Ford defends not visiting Ottawa sooner after storm, doesn’t tour impacted areas

Conservative leader Doug Ford makes a campaign stop in Ottawa on Monday, May 30, 2022. THE CANADIAN PRESS/Sean Kilpatrick.

Progressive Conservative Leader Doug Ford defended his decision not to visit Ottawa in the wake of a deadly storm amid a brief visit to the city Monday — during which he didn’t tour the hardest-hit areas in the province.

Ford, who is seeking re-election as premier, made his first campaign stop in Ottawa on Tuesday during the provincial election cycle, nine days after the natural disaster swept across the province on May 21.

He defended his choice not to come sooner by saying he wanted to let hydro crews and other first responders finish their work first. He also accused his Liberal opponent, Steven Del Duca, of taking advantage of the situation for political gain by visiting Ottawa two days after the storm to survey damage.

“I’m not here to do a photo op, like maybe other politicians were,” Ford said at a brief morning campaign stop.

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The storm left thousands of residents in the National Capital Region without power, including 8,000 who were still in the dark as of Monday afternoon — with no timeline for full restoration.

Read more: Thousands still without power in eastern Ontario following May long weekend storm

Ford said he was “on the phone around the clock” requesting aid from other provinces and U.S. states. He said he wanted to give utility workers time to get their work done to restore downed power lines, and thanked them on Monday for their efforts to restore power.

Ford’s campaign stop in the riding of Ottawa West-Nepean on Monday morning was his first public appearance in the area in months. His stop there did not include any sites impacted by the storm, but he was scheduled to visit with local firefighters.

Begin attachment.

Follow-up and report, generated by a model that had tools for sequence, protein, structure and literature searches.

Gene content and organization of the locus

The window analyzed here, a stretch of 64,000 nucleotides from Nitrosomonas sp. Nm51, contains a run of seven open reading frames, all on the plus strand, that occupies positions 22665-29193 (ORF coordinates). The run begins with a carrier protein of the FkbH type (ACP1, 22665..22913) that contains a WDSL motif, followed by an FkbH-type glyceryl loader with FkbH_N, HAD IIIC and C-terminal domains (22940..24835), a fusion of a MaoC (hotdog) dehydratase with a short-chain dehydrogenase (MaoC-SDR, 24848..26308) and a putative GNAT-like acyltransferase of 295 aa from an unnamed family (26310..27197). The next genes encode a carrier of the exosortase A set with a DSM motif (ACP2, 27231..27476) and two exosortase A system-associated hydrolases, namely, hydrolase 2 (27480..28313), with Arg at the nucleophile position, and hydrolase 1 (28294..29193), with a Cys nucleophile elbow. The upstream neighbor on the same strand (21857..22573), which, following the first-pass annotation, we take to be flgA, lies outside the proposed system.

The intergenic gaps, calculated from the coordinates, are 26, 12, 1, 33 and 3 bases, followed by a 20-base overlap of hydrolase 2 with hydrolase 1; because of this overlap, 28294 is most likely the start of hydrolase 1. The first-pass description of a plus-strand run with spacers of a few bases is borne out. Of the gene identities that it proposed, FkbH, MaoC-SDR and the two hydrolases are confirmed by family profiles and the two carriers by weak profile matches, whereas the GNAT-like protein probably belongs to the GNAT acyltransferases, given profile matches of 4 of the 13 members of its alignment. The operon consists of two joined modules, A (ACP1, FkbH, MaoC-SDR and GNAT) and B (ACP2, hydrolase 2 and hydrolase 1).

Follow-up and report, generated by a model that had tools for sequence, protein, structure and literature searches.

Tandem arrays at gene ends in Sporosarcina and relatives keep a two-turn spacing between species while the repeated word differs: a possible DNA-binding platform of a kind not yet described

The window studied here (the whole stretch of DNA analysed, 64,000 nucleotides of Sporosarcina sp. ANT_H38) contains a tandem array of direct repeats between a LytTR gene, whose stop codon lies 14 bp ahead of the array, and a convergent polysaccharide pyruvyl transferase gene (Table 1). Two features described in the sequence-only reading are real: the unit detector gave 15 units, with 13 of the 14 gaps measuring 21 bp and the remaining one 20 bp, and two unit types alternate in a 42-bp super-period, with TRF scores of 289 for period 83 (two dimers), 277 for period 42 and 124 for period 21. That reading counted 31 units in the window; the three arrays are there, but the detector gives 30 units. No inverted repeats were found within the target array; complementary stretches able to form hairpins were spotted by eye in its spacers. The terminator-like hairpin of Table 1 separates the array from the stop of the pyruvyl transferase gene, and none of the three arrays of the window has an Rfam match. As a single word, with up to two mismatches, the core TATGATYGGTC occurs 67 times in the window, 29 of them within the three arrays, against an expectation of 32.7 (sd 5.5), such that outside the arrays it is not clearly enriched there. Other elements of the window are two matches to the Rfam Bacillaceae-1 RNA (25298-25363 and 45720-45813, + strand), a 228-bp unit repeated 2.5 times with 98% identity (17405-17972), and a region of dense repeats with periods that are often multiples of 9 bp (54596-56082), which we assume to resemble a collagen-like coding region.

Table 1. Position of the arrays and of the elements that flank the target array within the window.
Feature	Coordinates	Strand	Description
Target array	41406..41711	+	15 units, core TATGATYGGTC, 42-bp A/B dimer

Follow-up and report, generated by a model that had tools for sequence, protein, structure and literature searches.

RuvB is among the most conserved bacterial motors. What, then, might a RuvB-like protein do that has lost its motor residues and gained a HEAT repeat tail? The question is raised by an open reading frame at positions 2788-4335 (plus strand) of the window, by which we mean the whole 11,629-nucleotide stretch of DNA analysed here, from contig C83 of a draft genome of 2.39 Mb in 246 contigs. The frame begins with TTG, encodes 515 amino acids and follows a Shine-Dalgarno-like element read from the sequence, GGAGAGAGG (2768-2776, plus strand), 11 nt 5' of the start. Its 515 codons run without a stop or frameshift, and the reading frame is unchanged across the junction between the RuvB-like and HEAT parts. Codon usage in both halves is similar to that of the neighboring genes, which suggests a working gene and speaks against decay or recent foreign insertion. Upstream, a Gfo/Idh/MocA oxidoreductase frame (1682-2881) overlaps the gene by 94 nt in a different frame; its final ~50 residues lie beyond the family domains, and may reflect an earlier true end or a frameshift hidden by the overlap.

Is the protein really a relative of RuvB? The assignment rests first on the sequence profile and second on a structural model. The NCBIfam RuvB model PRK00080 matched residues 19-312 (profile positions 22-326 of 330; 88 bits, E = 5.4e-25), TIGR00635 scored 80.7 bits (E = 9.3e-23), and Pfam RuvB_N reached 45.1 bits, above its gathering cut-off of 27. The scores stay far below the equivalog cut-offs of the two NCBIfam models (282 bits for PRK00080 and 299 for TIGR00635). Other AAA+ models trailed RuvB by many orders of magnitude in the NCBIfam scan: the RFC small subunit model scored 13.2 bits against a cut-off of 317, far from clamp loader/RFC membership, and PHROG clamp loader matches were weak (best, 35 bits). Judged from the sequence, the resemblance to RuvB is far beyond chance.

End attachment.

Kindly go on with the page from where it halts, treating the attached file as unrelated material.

But Ford visited Uxbridge, Ont., on May 23, a day after that community declared a state of emergency following the same storm. He said that short trip 80 kilometres northeast of Toronto wasn’t part of his campaign.

“I had a call from the mayor, there wasn’t supposed to be any media there. I guess someone leaked it out,” said Ford when asked why he visited Uxbridge and not Ottawa. “I wanted to go there and take a quick look and came right back.”

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Eleven people died in the storm in Ontario and Quebec, nine of whom were killed by falling trees. Environment Canada said the severe weather involved a derecho — a rare widespread windstorm associated with a line of thunderstorms — that developed near Sarnia, Ont., and moved northeast across the province, ending in Quebec City.

In Windsor, Ont., on Monday afternoon, when asked again why he didn’t visit the hardest-hit sites in Ottawa during his brief visit, Ford pledged support for the city’s residents.

“We’ll always have the backs of the people of Ottawa,” he said.

His delayed visit after the storm is not the first time this year that Ford has been accused of neglecting Ottawa over the last several months.

Representatives from opposing parties criticized Ford for not visiting the nation’s capital this winter during the weekslong occupation of the city’s downtown by protesters angry with vaccination mandates and other pandemic measures. He’s also been accused of not reacting soon enough to quell the situation.

Del Duca of the Liberals repeated that criticism on Monday in response to Ford’s critique of his post-storm visit, saying in an emailed statement that Ford “didn’t show up for the illegal occupation” or the storm.

“Ottawa residents have been left behind again and again by the Ford Conservatives. It’s time for change. Real leaders show up — Doug Ford chooses to phone it in,” he said.

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Spillover protests related to the Ottawa demonstration had impacts in other cities — including the border city of Windsor, where a crucial trade artery was blocked by an anti-vaccine mandate protest at the Ambassador Bridge.

Ford jetted from Ottawa to Windsor for an afternoon media appearance on Monday and made a stop at the campaign office for Windsor-Tecumseh candidate Andrew Dowie.

The issues at stake during the anti-vaccine mandate protests were divisive, but Dowie — who’s running to unseat the NDP in the riding — said the PC government’s response to the Ambassador Bridge situation isn’t being received badly with voters he meets at the doors.

Dowie said he thought Ford’s approach to the Ottawa storm situation was “very reasonable,” noting that as a municipal councillor who has dealt with natural disasters, “time is of the essence” when it comes to restoring power.

“Having a press conference doesn’t benefit the end goal which is getting hydro restored,” he said.

Meanwhile, he said a visit from the party’s leader in the final few days suggests his riding is seriously in play, noting recent stops by the other two main party leaders, including the incumbent NDP.

“They’re trying to defend their turf here because they must realize belatedly that the people of Windsor are not happy,” he said.


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